“By resisting Sobhraj’s proposals, he revived the concern he had during his childhood of being rejected,” he explained in a conversation with British journalist Andrew Anthony.
Arrest and escape
By the 1970s the hippie trail had become a popular destination for many young Europeans and Americans traveling from Western Europe to the Far East, via the Middle East and India.
At that time the border controls were not so strict and “the Serpent” took advantage of it.
The romance with Chantal Compagnon ended when both were arrested in Afghanistan, he managed to escape by drugging a guard; she remained in prison, but upon leaving her decided to start a new life away from her troublesome husband.
Nonetheless, Sobhraj told journalist Andrew Anthony – who interviewed him in Paris in the 1990s and then in 2014 in a prison in Nepal – that Compagnon continued to support him financially and they remained in contact long after their separation.
Two years after her arrest in Kabul, Sobhraj met Quebecer Marie-Andrée Leclerc in Srinagar, India, and convinced her to spend the summer together in Thailand.
“As long as I can talk to people, I can manipulate them.”Charles Sobhraj, the Serpent
Leclerc also did not resist the charms of this man of whom she knew little at the time, but who would change her life forever.
Little by little she was being dragged, she began to participate in the crimes and ended up becoming her accomplice.
The modus operandi of the “bikini killer” was to drug his victims, before taking their belongings.
He earned that nickname after being linked to the deaths of several bikini-clad Western women at the Pattaya resort in Thailand.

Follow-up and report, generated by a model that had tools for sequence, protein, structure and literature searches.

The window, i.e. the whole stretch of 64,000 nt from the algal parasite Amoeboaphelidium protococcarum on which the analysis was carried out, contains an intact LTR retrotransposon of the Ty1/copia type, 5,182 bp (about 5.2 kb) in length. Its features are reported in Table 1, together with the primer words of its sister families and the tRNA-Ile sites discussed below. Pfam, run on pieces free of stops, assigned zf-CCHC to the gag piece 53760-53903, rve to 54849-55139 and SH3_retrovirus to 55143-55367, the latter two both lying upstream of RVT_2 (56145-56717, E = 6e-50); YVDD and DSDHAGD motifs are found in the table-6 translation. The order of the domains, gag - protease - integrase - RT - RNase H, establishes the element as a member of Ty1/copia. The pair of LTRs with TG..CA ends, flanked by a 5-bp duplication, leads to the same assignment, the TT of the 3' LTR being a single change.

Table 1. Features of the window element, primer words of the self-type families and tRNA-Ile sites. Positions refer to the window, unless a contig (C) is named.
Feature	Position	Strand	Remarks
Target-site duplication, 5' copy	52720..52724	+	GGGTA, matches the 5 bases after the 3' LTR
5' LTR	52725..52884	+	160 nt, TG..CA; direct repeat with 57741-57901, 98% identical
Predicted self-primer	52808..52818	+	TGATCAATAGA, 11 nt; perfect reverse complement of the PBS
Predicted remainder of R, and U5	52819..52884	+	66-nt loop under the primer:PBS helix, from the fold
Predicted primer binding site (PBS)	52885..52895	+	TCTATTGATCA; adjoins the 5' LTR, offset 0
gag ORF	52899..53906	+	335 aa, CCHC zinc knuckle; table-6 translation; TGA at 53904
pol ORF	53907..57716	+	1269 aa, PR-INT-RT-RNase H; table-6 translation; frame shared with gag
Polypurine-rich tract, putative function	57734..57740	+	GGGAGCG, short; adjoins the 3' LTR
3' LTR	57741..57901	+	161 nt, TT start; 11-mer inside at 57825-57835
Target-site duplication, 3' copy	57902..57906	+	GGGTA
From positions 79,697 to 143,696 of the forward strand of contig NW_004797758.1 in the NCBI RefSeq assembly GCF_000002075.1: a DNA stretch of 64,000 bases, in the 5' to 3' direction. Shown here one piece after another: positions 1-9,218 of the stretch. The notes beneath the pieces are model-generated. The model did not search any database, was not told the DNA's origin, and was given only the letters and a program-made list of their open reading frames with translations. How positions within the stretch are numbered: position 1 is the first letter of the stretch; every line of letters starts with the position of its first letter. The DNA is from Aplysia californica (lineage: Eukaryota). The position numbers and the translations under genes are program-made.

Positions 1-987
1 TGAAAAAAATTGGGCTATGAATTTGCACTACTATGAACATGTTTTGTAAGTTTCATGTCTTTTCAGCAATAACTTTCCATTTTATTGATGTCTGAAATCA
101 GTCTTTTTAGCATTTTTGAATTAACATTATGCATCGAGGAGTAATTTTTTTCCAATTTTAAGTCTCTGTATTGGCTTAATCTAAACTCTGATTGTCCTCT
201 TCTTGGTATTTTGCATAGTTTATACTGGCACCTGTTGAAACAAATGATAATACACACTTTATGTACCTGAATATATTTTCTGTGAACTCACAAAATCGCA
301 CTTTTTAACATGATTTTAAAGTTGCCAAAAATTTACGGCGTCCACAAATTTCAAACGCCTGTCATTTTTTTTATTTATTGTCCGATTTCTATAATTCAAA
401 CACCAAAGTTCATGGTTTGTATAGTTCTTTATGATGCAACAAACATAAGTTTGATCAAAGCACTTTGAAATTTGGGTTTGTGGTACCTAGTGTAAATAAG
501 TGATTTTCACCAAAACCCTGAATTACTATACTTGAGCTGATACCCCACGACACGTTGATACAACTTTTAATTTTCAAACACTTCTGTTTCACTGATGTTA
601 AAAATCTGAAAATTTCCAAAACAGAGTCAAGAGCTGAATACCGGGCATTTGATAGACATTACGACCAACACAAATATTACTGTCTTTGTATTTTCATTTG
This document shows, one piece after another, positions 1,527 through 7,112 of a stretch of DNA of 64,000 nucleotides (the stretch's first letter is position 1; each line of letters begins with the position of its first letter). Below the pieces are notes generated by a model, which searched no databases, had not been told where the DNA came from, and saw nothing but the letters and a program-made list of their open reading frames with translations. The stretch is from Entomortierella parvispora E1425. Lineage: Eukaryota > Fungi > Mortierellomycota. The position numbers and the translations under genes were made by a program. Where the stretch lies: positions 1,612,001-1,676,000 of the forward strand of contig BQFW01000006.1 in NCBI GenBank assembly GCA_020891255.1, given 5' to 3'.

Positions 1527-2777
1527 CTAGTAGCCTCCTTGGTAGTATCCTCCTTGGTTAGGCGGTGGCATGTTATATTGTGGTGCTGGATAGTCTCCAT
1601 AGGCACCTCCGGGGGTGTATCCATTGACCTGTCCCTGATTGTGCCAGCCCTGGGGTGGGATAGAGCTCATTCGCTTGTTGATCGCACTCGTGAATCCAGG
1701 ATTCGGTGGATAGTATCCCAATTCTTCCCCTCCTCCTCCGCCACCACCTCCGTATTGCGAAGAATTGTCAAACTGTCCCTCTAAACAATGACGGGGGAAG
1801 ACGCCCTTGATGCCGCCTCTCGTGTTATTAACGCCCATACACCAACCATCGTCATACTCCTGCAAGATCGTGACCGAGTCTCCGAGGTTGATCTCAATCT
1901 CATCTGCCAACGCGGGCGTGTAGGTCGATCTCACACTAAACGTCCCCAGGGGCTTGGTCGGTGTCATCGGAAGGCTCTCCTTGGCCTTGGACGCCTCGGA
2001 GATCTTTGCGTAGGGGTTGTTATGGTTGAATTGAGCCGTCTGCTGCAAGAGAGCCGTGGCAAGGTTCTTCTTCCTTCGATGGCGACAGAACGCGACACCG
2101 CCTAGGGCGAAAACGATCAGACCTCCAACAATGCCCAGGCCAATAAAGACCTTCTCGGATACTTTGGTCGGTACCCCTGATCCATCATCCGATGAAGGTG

He took advantage of the naivety of many Western tourists, gaining their trust by inviting them or having a drink: then the victims often woke up in bed with no recollection of the night before.
“He was a man of multiple identities: he was an Israeli intellectual one day and the other a Lebanese cloth seller, and he would travel around Asia looking for his prey,” Gary Indiana recalls in his article published by Vice.
At times, Leclerc and Sobhraj abducted their victims for days, even weeks. The Canadian gave them a “medicine” that caused confusion and nausea.
They also stole their passports to travel and operate in other countries in the region, thus confusing the authorities.
This form of sneaking catapulted the Frenchman as “the serpent.”
Charles Sobhraj was reportedly fluent in several languages, which was helpful to him when he assumed the identities of his numerous victims.
His ability to commit crimes was only matched by his ability to escape from prison: he is believed to have escaped from prisons in Afghanistan, Greece, Iran and India.
The amazing party that helped him escape from jail